Bill Mouzis, Sic Transit
|(Jan. 8, 2013) -- LBREPORT.com marks the passing at age 90 of Bill Mouzis, an audio and radio production engineer whose mastery of magnetic tape and musical and vocal subtleties elevated broadcast audio editing -- done with razor blades and grease pencils -- into AM radio artistry in the mid-to-late-60's.
Bill Mouzis in the KHJ radio production room, c. 1965
Mr. Mouzis' career is indelibly tied to KHJ radio (930 AM) in Los Angeles, which rose from near worst to first place during its "Boss Radio" period. It included legacy work on the station's groundbreaking 48 hour "History of Rock and Roll," written by KHJ's programmers, voiced by its air talents (initially Robert W. Morgan, later "Humble Harve" Miller) and delivered by Mr. Mouzis in a tour de force of musical montages, "time sweeps" and elegant mixing and editing.
Mr. Mouzis, a WWII vet trained in electronics, arrived at KHJ when it was part of the Don Lee / Mutual Radio Network about the time network radio began its decline. KHJ declined with it; at one point offering a schizoid schedule that included a cooking show, various musical shows, a telephone talk show and a program with Steve Allen and Jayne Meadows done from their home with Mr. Mouzis as its on-site engineer.
This changed in 1965 when RKO General hired radio programmer Bill Drake to bring KHJ a consistent, tightly-formatted rule-driven "more music" format that had succeeded in Fresno and San Diego. It quickly rose to dominance in Los Angeles as "Boss Radio" due in no small part to Bill Mouzis. As a result of KHJ's former network set up, engineers handled nearly everything technical; the on-air mixing board, commercials, logos and records, taking hand-cues from a DJ in an announce booth (who had only a mike key). For the first roughly two years of the Boss Radio format, Mr. Mouzis ran the on-air board in prime afternoon-drive for "The Real" Don Steele. During other hours he handled KHJ's most prominent recorded elements, working alongside Program Director Ron Jacobs, a highly creative radio programmer, and with morning-man Robert W. Morgan who was the station's promo/image voice and a rigorous perfectionist.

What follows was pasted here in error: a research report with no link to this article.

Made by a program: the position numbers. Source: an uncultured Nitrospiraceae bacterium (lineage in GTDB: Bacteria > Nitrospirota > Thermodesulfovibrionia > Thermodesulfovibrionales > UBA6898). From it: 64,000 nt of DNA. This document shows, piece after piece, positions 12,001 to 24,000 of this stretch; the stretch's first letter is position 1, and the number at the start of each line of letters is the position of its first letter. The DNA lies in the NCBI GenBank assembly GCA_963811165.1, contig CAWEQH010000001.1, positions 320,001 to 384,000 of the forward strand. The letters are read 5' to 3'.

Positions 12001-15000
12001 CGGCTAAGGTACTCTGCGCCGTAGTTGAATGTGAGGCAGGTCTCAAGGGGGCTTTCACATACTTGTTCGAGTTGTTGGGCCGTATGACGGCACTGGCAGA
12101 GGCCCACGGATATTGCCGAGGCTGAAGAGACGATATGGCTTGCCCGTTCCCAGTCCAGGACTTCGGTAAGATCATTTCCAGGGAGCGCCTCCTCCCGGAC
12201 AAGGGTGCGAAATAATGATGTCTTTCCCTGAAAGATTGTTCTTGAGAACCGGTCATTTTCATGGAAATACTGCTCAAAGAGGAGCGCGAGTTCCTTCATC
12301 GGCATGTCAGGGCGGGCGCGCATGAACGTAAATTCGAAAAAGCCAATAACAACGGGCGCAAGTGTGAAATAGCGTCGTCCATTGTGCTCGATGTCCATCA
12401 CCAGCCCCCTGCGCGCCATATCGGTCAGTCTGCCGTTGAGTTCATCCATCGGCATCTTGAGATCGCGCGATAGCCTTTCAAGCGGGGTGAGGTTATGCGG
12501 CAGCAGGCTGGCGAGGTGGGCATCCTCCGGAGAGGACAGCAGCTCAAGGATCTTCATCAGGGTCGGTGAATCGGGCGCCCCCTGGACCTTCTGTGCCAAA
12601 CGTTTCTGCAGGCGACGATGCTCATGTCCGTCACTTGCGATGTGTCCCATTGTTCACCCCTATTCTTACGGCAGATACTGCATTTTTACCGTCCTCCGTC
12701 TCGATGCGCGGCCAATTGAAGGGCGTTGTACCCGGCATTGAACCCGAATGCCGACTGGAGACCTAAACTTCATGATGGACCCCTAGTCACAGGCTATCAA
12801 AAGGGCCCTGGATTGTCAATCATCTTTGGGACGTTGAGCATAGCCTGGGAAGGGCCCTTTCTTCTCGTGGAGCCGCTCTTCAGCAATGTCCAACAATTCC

Rather than resent the formatic rules and perfectionism brought by the young whipper-snappers from outside the L.A. market, Mr. Mouzis embraced them...and their mutual perfectionism was symbiotic. Messrs. Morgan and Mouzis invented what they called a "Strassman" [we suspect it was named for Marcia Strassman's mid-chart '67 song "The Flower Children"] a unit of time or rhythm or vocal level that couldn't be measured like a volt, ampere or ohm but could only be sensed. "The drum beat [or voice] came in a couple of Strassmans too late," one might say...and the piece would be redone.
Mr. Mouzis edited audio on quarter inch magnetic tape running at 7.5 inches per second (not the faster, more forgiving 15 inches per second used in recording studios of the day). The process involved running a portion of audio tape back and forth by hand across a tape deck's playback head to try and locate -- by hearing a low rumble or a bump or a twitch of the VU meter -- the point where a specific sound element was recorded. The tape was then marked with a white grease pencil, and the process was repeated at the point where that piece of tape would be joined onto another.
The audio tape segments were placed in a grooved, metallic editing block (similar to a carpenter's miter box) and then sliced at an angle at their grease pencil marks using a single-sided razor blade. The two sliced pieces of audio tape were then lined up end to end in the editing block and attached to each other with special one-sided sticky tape.